The second tab of interest is the one for Historical Publications, which forwards you to the Thurgood Marshall Law Library of the University of Maryland Francis King Carey School of Law page dedicated to the Historical Publications of the United States Commission on Civil Rights. These publications are the culmination of the Commission's work and are the reports that were presented to Congress and the American public to act upon. These reports are a great place to begin your research into the United States Commission on Civil Rights.
Once you have searched potential areas of interest and are ready to view original documents related to the Commission reports, your next stop is the National Archives Catalog. You may use a basic search or advanced search to parse through Record Group 453 and review series descriptions and/or individual file lists.
The USCCR did not operate in a vacuum, of course, and it regularly interacted with other Federal agencies. Departments that worked with the Commission included the Department of Justice (DOJ), the Federal Bureau of Investigation (FBI), the Department of Housing, Educations, and Welfare (HEW) (Record Group 235), and later the Department of Housing and Urban Development (HUD) (Record Group 207), among others. Therefore, searching the Catalog under those record groups and others may lead you to additional records of interest.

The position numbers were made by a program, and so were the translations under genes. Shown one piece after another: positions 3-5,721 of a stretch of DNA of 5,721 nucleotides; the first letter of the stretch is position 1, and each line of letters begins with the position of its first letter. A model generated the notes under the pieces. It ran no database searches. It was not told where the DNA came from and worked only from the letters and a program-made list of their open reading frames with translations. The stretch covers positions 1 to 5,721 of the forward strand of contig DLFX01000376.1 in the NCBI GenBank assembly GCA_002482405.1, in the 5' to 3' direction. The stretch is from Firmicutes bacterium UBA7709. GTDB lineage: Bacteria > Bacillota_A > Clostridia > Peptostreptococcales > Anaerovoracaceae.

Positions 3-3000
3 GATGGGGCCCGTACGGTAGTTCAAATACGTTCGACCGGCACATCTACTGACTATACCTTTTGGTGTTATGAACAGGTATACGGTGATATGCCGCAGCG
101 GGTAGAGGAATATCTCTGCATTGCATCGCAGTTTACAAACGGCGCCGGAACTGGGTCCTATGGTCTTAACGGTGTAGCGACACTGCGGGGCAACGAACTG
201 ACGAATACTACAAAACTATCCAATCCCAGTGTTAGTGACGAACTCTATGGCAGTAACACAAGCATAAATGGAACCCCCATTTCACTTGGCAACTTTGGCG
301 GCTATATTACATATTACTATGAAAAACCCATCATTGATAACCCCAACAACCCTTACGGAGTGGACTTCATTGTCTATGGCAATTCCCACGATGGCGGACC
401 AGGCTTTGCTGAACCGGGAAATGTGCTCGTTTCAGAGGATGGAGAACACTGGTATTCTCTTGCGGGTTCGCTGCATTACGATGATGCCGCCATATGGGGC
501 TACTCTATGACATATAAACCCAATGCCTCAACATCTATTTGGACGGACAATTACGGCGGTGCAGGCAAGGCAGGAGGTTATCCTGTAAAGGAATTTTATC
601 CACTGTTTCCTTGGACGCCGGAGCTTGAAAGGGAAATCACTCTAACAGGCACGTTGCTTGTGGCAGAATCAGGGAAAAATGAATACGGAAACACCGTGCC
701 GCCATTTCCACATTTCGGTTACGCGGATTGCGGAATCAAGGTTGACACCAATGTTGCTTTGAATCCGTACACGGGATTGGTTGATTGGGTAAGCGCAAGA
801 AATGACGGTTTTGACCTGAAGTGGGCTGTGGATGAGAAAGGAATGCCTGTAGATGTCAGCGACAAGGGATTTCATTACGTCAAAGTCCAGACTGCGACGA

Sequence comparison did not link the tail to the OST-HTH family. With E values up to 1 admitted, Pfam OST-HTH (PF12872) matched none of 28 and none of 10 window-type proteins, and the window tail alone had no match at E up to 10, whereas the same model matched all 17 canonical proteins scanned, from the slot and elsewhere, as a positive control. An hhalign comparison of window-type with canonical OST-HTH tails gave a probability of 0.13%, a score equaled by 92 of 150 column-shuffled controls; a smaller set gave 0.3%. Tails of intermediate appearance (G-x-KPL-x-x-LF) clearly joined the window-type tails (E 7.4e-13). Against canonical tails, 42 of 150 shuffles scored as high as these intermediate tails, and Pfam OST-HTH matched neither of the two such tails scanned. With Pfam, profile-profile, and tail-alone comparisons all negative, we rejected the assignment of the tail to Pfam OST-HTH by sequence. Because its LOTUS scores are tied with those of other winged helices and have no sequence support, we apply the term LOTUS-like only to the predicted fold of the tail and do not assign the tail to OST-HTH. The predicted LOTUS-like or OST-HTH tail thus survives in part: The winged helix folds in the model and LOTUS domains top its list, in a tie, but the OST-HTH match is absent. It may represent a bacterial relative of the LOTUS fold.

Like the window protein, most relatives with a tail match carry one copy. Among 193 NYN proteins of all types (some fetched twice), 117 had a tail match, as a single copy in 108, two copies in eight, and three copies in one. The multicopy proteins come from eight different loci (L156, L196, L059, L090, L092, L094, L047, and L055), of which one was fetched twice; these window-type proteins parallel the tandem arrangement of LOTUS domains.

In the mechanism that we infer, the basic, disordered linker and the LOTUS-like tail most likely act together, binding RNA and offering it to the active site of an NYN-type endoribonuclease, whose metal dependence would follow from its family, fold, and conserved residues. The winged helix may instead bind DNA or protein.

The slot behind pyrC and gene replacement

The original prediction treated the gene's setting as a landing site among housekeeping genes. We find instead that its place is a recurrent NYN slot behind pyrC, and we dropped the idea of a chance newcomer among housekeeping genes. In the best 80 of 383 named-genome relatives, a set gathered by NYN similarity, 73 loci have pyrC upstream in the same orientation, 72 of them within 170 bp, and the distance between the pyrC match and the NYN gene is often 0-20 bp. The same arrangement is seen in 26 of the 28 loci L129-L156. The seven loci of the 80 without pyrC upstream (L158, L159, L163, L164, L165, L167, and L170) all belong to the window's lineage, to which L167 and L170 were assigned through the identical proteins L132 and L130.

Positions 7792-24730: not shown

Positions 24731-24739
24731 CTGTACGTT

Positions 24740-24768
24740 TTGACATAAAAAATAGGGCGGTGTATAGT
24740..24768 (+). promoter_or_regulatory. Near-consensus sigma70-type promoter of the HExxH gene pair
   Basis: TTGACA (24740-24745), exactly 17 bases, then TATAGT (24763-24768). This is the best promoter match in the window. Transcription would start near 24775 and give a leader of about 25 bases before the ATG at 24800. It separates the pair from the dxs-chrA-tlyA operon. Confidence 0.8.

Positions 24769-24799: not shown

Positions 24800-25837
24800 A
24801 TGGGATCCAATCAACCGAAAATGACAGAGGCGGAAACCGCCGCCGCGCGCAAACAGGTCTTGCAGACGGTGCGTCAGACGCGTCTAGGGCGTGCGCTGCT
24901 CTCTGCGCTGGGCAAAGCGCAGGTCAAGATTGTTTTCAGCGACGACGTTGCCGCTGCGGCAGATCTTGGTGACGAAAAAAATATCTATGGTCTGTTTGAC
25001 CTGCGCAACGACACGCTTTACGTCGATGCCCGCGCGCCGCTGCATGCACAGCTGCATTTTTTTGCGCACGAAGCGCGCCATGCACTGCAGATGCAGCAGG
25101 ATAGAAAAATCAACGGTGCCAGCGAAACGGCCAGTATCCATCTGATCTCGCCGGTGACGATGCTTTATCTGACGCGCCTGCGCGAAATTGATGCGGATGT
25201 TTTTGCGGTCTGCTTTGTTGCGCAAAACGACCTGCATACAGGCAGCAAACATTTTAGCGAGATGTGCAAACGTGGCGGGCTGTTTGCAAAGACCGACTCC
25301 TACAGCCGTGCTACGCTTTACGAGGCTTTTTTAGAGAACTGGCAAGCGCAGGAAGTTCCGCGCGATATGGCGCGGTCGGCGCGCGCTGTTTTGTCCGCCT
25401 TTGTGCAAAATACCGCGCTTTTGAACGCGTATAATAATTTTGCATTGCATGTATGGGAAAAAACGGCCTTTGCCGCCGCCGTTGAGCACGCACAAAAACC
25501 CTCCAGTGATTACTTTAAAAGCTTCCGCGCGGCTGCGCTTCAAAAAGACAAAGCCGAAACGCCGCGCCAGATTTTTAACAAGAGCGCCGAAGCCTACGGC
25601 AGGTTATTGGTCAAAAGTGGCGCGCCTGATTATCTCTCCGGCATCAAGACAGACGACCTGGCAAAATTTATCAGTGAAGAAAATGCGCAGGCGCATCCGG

The Commission also interacted with every Presidential Administration since its founding. During your research, you will find some records that are only available at Presidential libraries. Therefore, your research on these records will begin at NARA’s Research Presidential Materials web page.
The third page of the Memorandum for the President from the Attorney General on civil rights legislation, 23 October 1963 from the series Papers of John F. Kennedy: Presidential Papers: President's Office Files, 1/20/1961 - 11/22/1963. Attorney General Robert Kennedy recommends to President John F. Kennedy to follow the Republican Party's suggestion to make the Commission permanent.
National Archives Identification Number: 193808.
USCCR reports heavily influenced congressional legislation. Consequently, the records of the U.S. Senate and U.S. House of Representatives may provide a source of Commission documents and correspondence. The Center for Legislative Archives holds the historically valuable records of the U.S. Congress, including official committee records. To research congressional records and legislative history, start with the Center’s online search catalog or contact them directly at firstname.lastname@example.org.
You may review records of general interest within RG 453. Publications, 1975 - 1996 (NAID 1112317) includes a variety of publications created both by the Commission and outside groups. Publications, Reports and Studies, 1973 - 1976 (NAID 1077448) is similar to NAID 1112317, but these records were maintained by the Chairman of the Commission on Civil Rights, Arthur S. Flemming. Lastly, Records Relating to Surveys and Studies, 1958 - 1962 (NAID 1142771) contains reports and other studies from the earliest days of the Commission.